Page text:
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I'm just refreshing my memory on Turing machines and computability, and I was wondering how to design a function of 2 arguments that is guaranteed not to be computable. I've seen the proof (by diagonalization) for one argument functions, and I'd like to make sure I have the right idea. For functions with 2 arguments, a sketch of my proof is as follows:

Let f_{1},f_{2}... be a listing of all 2 argument Turing computable functions

Let d be a 2 place function (and assume that it is Turing computable) such that d(x,y)=1 if the xth function in the list of Turing computable functions returns 0, and return 1 otherwise. Then d is not in our list of functions, but it was assumed that it was. Therefore, d is not a computable function of 2 arguments. Sorry for the lack of latex, hopefully this is understandable without it for now.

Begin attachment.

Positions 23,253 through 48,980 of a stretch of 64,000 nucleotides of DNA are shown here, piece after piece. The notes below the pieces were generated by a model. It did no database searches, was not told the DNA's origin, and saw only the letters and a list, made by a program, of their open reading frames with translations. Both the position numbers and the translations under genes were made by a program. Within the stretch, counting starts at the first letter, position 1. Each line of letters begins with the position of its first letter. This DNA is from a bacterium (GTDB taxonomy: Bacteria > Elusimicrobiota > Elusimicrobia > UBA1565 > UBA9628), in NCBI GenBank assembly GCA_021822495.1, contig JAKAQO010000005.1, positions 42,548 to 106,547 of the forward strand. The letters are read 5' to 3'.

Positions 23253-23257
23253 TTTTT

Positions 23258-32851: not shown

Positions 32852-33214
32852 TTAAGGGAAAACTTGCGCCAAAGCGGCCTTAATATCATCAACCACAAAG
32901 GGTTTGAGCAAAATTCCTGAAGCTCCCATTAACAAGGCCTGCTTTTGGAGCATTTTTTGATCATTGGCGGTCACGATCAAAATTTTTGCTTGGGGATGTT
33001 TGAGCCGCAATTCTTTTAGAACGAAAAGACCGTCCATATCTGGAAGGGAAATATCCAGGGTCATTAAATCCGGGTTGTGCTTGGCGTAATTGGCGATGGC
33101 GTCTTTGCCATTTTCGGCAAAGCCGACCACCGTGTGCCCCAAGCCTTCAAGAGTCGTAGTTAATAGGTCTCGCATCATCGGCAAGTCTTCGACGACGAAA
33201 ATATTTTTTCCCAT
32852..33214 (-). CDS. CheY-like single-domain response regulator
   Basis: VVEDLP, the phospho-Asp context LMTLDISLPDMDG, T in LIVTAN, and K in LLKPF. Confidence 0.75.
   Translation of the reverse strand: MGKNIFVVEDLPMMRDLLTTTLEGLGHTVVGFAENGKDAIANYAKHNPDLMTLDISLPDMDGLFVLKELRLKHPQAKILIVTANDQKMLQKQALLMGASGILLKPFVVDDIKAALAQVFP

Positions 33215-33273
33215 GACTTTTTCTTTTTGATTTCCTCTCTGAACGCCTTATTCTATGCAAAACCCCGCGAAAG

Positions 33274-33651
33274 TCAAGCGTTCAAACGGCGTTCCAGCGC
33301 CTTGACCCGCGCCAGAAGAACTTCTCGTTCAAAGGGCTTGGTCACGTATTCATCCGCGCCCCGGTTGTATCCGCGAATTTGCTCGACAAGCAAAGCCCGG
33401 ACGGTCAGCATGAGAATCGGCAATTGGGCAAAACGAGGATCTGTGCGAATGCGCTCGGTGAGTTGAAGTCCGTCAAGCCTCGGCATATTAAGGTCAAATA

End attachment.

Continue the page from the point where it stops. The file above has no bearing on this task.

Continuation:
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  • $\begingroup$ Take any non-computable 1-place function, and add a dummy argument. $\endgroup$ – Yuval Filmus Oct 5 '15 at 20:13
  • $\begingroup$ So if I'm understanding this right, extend the definition as follows. d(n,x)=1 if the nth function returns a 0, 0 otherwise? So in some sense, you can input 2 arguments, but only one matters? $\endgroup$ – user979616 Oct 5 '15 at 20:18
  • $\begingroup$ It's a "black-box" definition. You start with any 1-place non-computable function and end up with a 2-place non-computable one. $\endgroup$ – Yuval Filmus Oct 5 '15 at 20:34
  • $\begingroup$ I'm not sure I understand what you're saying. Would you mind fleshing out an example? $\endgroup$ – user979616 Oct 5 '15 at 20:39
  • $\begingroup$ You already gave an example. Your statements were correct. $\endgroup$ – Yuval Filmus Oct 5 '15 at 20:45

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